Build a Data Lake Using Lake Formation on AWS

18 min read
Jun 14, 2022

A data lake is a centralized repository for large amounts of structured and unstructured data to enable direct analytics.The above image illustrates multiple functions of a data lake, such as data ingestion, data indexing, data processing, data analytics, machine learning, and data visualization.



Challenges in building data lakes

Building a data lake is a time-consuming process and there are multiple challenges that you need to address before creating a data lake. The main challenge with a data lake architecture is that raw data is stored without the oversight of the contents. For a data lake to make data usable, it needs to have defined mechanisms to catalog and secure data. Without these elements, data cannot be found or trusted, resulting in a “data swamp”. Data lakes require governance, semantic consistency, and access controls to meet the needs of wider audiences. Let’s explore these challenges with the below visual representation.

Introducing AWS Lake Formation

Lake Formation is a fully managed service provided by AWS that enables data engineers, security officers, and data analysts to build, secure, manage, and use data lake.

There are 3 stages to creating your data lake:

Stage 1. Register data lake storage locations.

Stage 2. Create a database in the data lake’s data catalog.

Stage 3. Grant permissions to data lake resources and underlying data.

In this post, we’ll build a demo data lake for COVID-19 data using AWS Lake Formation and walk through all the steps involved in building, securing, managing, and using the same. The following resources will be set up in this post:

  1. Set up a data location with sample files on S3.
  2. Set up AWS Lake Formation and Create a database.
  3. Set up Glue Crawler to collect table metadata.
  4. Query data using Athena.

1. Set up a raw data location in a S3 bucket

We’ll now create a sample bucket to store raw data for COVID-19. Bing COVID-19 data includes confirmed, fatal, and recovered cases from all regions, updated daily. This data is reflected in the Bing COVID-19 Tracker.

The data set can be downloaded here. Following is the list of columns and their sample values:

Name Data type Unique Values (sample) Description
admin_region_1 string 864 Texas Georgia Region within country_region
admin_region_2 string 3,143 Washington County Jefferson County Region within admin_region_1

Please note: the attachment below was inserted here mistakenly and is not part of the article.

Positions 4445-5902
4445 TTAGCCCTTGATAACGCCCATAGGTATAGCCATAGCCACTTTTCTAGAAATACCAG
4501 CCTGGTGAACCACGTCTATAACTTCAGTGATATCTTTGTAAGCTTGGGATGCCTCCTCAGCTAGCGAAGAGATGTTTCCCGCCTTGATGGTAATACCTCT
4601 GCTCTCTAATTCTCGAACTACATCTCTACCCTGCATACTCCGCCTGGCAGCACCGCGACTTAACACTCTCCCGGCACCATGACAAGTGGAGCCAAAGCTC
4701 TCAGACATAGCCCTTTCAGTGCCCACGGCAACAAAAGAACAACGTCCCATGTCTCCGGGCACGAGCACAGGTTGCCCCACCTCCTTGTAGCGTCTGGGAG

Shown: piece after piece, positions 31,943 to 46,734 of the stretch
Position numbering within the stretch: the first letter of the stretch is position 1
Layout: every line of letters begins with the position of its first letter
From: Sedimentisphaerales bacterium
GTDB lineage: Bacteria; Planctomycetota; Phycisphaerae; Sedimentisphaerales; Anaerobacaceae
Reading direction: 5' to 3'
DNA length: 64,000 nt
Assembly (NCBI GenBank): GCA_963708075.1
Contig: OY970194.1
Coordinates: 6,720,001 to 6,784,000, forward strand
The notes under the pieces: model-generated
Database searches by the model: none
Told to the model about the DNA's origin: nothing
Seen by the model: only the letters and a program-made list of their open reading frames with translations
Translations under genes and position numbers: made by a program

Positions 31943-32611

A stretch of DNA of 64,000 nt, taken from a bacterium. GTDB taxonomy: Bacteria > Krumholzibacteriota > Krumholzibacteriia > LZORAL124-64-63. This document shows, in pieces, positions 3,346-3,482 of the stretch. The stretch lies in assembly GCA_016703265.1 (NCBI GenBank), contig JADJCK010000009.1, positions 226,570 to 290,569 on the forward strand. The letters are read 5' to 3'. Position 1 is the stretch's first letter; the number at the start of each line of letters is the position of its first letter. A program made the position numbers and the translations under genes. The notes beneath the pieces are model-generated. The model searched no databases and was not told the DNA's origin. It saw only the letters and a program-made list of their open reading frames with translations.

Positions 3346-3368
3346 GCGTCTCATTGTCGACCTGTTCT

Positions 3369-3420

confirmed int 120,692 1 2 Confirmed case count for the region
confirmed_change int 12,120 1 2 Change of confirmed case count from the previous day
country_region string 237 United States India Country/region
deaths int 20,616 1 2 Death case count for the region
deaths_change smallint 1,981 1 2 Change of death count from the previous day
id int 1,783,534 742546 69019298 Unique identifier
iso_subdivision string 484 US-TX US-GA Two-part ISO subdivision code
iso2 string 226 US IN 2 letter country code identifier
iso3 string 226 USA IND 3 letter country code identifier
latitude double 5,675 42.28708 19.59852 Latitude of the centroid of the region
load_time timestamp 1 2021-04-26 00:06:34.719000 The date and time the file was loaded from the Bing source on GitHub
longitude double 5,693 -2.5396 -155.5186 Longitude of the centroid of the region
recovered int 73,287 1 2 Recovered count for the region
recovered_change int 10,441 1 2 Change of recovered case count from the previous day
updated date 457 2021-04-23 2021-04-22 The as at date for the record
Source –

Copy the file to S3 using AWSCLI,

aws s3 cp bing_covid-19_data.parquet s3://[BUCKET_NAME]/source

Note: I am using s3://sa-proj-datalake bucket and my IAM user sandeep.arora in my Personal AWS account for this entire walkthrough. Please update the placeholders if you intend to recreate the steps in your environment. The user and bucket have been removed after recording the steps.

2. Set up AWS Lake Formation

To set up a data lake we will do the following:

  1. Define one or more administrators who will have full access to Lake Formation and they will be responsible for controlling initial data configuration and access permissions.
  2. Register the S3 path.
  3. Create a database.
  4. Provide necessary permissions for the users to access the data lake.

2.1 Define Administrators of Data Lake Formation System

1. Navigate to the AWS Lake Formation and under the Permissions section choose Administrative roles and tasks:


2. Under the Data lake administrators section add your user that you are logged in with and select additional IAM Users or Roles that you want to promote to Lake Formation administrators:

I have added my IAM user as Administrator to Lake Formation system as shown below:

3. In the Data Creators section ensure that IAMAllowedPrincipals Group is granted Create database permissions:

Now that we have successfully set up Administrators for the Lake Formation system we will proceed with registering the S3 location.

2.2 Register S3 Location

Now we will register the location on S3 where we have our raw data set stored.